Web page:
Stethoscope on a dark background

Medicine has a recruitment problem

Historically viewed as a profession for the privileged, there has remained a notable shortage of people entering from lower socioeconomic backgrounds, despite national attempts to widen participation.

For years, the University has attempted to meet this challenge by working with local schools in the South West to raise aspirations among pupils in medicine and other health-related subjects. And in 2019, it took a new step to widen participation in the subject, launching the Bachelor of Medicine, Bachelor of Surgery with Foundation degree, specifically designed as a route into medicine for those who might not choose higher education. The course offers students an introductory year to build practical and academic skills, as well as their confidence, before they transfer onto the traditional five-year medical degree.

I want to help people.

That’s where this all begins for me. Much of my inspiration for joining the medical degree course comes back to this, and to my family and their history of illnesses. Many of them have struggled with different issues, such as autonomic nervous system conditions that affect the regulation of heart rate and blood pressure. It’s been so severe that I have had periods in care while they’ve been treated.

I was good at science from an early age. I did OK in my GCSEs and chose A level subjects that would help me pursue my dream to be a doctor. But the college I attended was not particularly supportive of my desire to apply for medicine. They thought the grades required would be too high. I knew it would be difficult– from an academic and social perspective– but I knew it was what I wanted to do.
I did my own research into medical degrees and learned about Plymouth's foundation year course. I really liked the sound of the interactive learning model – one based around enquiry, discussion and research – because I thought that would really suit the way I like to learn. So,  I took the decision to redo a year of my A levels in order to get the grades I needed, and that extra year also provided me with more time to mature.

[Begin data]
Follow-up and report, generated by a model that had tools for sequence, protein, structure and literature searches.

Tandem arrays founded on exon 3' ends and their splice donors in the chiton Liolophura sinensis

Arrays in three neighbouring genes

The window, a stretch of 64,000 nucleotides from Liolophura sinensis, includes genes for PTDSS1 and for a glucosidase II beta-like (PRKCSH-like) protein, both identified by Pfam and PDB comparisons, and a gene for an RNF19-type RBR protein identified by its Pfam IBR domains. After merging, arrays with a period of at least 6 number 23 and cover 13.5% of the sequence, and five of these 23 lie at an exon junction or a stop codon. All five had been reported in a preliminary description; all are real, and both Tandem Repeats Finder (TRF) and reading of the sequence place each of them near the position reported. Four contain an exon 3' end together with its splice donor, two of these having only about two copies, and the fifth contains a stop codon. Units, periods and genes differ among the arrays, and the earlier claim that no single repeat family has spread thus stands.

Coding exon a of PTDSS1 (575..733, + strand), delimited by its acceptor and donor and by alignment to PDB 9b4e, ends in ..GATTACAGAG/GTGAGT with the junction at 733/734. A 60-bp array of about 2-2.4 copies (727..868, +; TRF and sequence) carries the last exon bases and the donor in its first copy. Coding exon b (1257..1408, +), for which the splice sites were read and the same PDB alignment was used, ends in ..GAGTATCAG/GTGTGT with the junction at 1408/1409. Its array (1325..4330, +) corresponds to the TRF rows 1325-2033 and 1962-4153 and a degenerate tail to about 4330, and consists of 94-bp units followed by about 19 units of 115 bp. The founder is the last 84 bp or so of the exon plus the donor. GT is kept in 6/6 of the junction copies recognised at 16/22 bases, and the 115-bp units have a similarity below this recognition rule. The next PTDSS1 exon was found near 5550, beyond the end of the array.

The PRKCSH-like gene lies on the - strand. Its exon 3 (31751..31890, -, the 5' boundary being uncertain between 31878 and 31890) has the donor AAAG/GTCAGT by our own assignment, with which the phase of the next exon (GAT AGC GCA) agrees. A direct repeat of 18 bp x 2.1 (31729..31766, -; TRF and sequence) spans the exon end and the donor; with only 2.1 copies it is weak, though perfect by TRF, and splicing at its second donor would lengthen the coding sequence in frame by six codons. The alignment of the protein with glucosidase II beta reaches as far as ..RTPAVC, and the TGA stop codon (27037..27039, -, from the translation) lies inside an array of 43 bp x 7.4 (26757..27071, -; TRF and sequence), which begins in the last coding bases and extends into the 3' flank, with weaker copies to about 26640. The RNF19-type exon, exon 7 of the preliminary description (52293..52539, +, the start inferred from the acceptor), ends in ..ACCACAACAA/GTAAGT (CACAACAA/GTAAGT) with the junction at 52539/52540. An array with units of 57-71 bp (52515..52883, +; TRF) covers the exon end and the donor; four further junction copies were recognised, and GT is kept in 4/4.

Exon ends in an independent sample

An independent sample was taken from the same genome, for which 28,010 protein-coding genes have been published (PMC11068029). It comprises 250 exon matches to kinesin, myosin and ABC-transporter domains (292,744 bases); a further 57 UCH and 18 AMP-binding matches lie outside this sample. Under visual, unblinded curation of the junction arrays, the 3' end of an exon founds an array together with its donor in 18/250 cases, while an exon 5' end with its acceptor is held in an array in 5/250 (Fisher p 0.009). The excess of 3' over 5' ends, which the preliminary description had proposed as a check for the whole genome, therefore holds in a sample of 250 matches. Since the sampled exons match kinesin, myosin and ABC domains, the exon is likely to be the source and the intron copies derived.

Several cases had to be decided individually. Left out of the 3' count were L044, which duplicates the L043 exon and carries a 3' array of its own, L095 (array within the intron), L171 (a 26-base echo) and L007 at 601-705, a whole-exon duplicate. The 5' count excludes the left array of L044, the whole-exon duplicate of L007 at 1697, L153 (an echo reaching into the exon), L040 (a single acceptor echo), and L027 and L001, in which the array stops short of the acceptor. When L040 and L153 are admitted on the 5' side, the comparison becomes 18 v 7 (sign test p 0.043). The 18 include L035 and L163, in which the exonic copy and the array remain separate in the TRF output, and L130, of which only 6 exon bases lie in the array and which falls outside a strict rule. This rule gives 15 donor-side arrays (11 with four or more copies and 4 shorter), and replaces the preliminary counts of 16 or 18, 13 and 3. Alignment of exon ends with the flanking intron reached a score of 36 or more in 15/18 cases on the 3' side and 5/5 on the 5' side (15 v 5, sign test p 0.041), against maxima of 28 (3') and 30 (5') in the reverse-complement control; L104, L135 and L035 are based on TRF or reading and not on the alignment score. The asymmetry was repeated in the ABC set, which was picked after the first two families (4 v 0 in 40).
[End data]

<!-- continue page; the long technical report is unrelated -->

I was not someone who could simply pay for extra tuition to get the A grades I needed in maths and science. That’s why the ‘Year 0’ option was so appealing, and why it’s so important to people in my position – it offers us a chance for equal access.
I really enjoyed the course. We learned about topics in great scientific detail and discussed meaningful medical and societal issues such as discrimination. 
When lectures moved online in the pandemic, I really missed the human interaction. It made it much harder to meet people, especially as social gatherings were non-existent at times. And life is more challenging when you have to be self-reliant for the first time, from planning and balancing finances, to cooking and maintaining your health. It’s hard for foundation students to supplement their income with a part-time job when the degree is so challenging. I’ve been fortunate enough to receive a Care Leavers Bursary – which I will receive for each year of my degree – and that means I can focus more on my studies. I’m excited, and truly glad to be at the stage I am right now. My dream is to go into cardiology or neurology, so I know the years ahead will be demanding.
But I can do it
Tim’s bursary has been funded in part through the donations of alumni and friends of the University to the Plymouth Fund. To support care leavers bursaries or learn more about our scholarships and bursaries, visit our donation and support page.